How a Secret Criminal Language Emerged From the Underworld

If you were a thief in 1700s England, and wanted to tell a fellow thief that you had spotted a naive rich man (“rum cully”) and you can’t wait to rob his house (“heave the booth”), but you don’t want some do-gooder to overhear and send you to the gallows (“nubbing cheat”)—how would you communicate this without tipping off authorities or scaring away your precious mark?

During the 16th through 19th centuries, your answer would be to speak in Thieves’ Cant. This secret language, known as a cant or cryptolect, has long since fallen into disuse. But despite its covert purpose and disputed origins, it has had a surprising impact on contemporary spoken English—in fact, you might even speak a bit like an old-time thief yourself.

Thieves’ Cant, also known as Flash or Peddler’s French, existed in many forms across Europe. The cant flourished in England during a 16th-century population boom, when less work was available amid greater competition and crime appeared to be on the rise, according to Maurizio Gotti in his 1999 book The Language of Thieves and Vagabonds. Many early cant speakers, who often were peasants or newly jobless soldiers, were considered “particularly numerous and dangerous” by more well-off groups.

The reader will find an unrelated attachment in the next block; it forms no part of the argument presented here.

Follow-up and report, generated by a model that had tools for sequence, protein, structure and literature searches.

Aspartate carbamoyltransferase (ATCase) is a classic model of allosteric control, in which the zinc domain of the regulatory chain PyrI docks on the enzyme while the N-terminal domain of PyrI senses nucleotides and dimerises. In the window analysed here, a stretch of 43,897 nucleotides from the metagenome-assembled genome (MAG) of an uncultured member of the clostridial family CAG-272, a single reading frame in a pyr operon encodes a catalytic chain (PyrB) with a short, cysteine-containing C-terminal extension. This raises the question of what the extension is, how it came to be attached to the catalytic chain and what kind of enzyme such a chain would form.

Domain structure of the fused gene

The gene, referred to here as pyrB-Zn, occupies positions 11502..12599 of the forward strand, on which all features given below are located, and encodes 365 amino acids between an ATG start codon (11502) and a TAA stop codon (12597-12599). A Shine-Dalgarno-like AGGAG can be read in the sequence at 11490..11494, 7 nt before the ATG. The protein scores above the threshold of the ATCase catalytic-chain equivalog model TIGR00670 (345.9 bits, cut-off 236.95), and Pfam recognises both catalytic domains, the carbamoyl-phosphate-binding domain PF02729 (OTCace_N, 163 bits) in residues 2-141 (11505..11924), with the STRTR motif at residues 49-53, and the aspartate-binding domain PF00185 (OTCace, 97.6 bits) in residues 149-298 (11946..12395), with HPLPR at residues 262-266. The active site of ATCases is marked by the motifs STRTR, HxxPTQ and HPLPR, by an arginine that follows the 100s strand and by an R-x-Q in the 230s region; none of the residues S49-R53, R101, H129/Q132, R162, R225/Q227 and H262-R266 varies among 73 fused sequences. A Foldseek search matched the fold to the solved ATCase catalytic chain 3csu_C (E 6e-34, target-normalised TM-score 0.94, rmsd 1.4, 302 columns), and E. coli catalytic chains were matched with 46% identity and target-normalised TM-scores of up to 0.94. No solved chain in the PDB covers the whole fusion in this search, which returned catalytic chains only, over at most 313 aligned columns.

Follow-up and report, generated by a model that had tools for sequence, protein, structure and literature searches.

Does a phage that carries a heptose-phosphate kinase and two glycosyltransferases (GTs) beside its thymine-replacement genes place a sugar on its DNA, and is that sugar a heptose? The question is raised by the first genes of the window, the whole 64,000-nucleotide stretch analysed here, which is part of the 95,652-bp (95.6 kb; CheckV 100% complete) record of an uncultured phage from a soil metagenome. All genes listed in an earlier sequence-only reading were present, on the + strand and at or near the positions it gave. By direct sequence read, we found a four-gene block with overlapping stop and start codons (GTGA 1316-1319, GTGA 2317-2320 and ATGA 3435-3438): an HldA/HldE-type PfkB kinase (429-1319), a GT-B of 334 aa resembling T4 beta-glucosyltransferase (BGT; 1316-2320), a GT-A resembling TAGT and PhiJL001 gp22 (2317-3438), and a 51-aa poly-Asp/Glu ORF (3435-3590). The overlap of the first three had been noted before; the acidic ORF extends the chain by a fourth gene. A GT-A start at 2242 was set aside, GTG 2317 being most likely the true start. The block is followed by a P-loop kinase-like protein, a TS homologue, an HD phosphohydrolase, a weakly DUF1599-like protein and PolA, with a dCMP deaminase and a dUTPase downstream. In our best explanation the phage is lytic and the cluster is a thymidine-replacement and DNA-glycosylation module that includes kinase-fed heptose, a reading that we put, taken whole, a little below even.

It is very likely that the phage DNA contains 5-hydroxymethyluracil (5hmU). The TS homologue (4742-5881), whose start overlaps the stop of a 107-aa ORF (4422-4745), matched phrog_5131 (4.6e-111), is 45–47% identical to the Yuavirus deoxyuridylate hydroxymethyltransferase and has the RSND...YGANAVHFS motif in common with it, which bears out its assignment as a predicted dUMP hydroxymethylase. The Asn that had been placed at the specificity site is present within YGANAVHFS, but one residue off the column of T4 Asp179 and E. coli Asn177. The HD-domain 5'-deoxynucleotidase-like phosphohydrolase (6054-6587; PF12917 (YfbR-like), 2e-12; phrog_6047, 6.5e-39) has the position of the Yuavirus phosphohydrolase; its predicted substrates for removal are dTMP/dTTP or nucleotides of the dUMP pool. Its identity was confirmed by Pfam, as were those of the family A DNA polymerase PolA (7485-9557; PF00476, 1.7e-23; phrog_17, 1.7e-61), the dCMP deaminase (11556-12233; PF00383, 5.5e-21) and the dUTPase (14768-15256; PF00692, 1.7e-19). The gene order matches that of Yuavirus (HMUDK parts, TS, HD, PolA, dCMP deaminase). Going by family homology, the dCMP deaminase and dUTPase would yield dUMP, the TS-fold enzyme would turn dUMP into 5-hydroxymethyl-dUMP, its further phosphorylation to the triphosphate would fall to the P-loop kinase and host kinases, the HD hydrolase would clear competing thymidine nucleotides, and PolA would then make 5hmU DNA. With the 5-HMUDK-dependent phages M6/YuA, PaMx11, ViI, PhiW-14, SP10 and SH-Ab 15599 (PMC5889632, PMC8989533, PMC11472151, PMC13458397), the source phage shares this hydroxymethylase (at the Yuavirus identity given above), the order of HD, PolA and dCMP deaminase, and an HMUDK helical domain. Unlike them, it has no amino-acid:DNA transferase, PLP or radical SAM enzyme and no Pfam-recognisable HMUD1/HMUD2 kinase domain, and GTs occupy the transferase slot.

These thieves and rogues lived free, lawless lives, and met in “flash houses” (public gathering spots) to find camaraderie and share useful intel about the area. King Henry VIII announced in the early 1500s that vagabonds were ransacking the countryside, supporting reports that an estimated 13,000 “rogues and masterless men” were running amok, according to Gotti. While the number of masterless men may have been an exaggeration, their heightened visibility meant there was an increased interest in criminal activity among non-vagabonds. Those excluded from the underworld wanted to learn about it, at least partially in order to safeguard themselves.

Read more: Atlas Obscura

Leave a Reply

Your email address will not be published.

20 − 12 =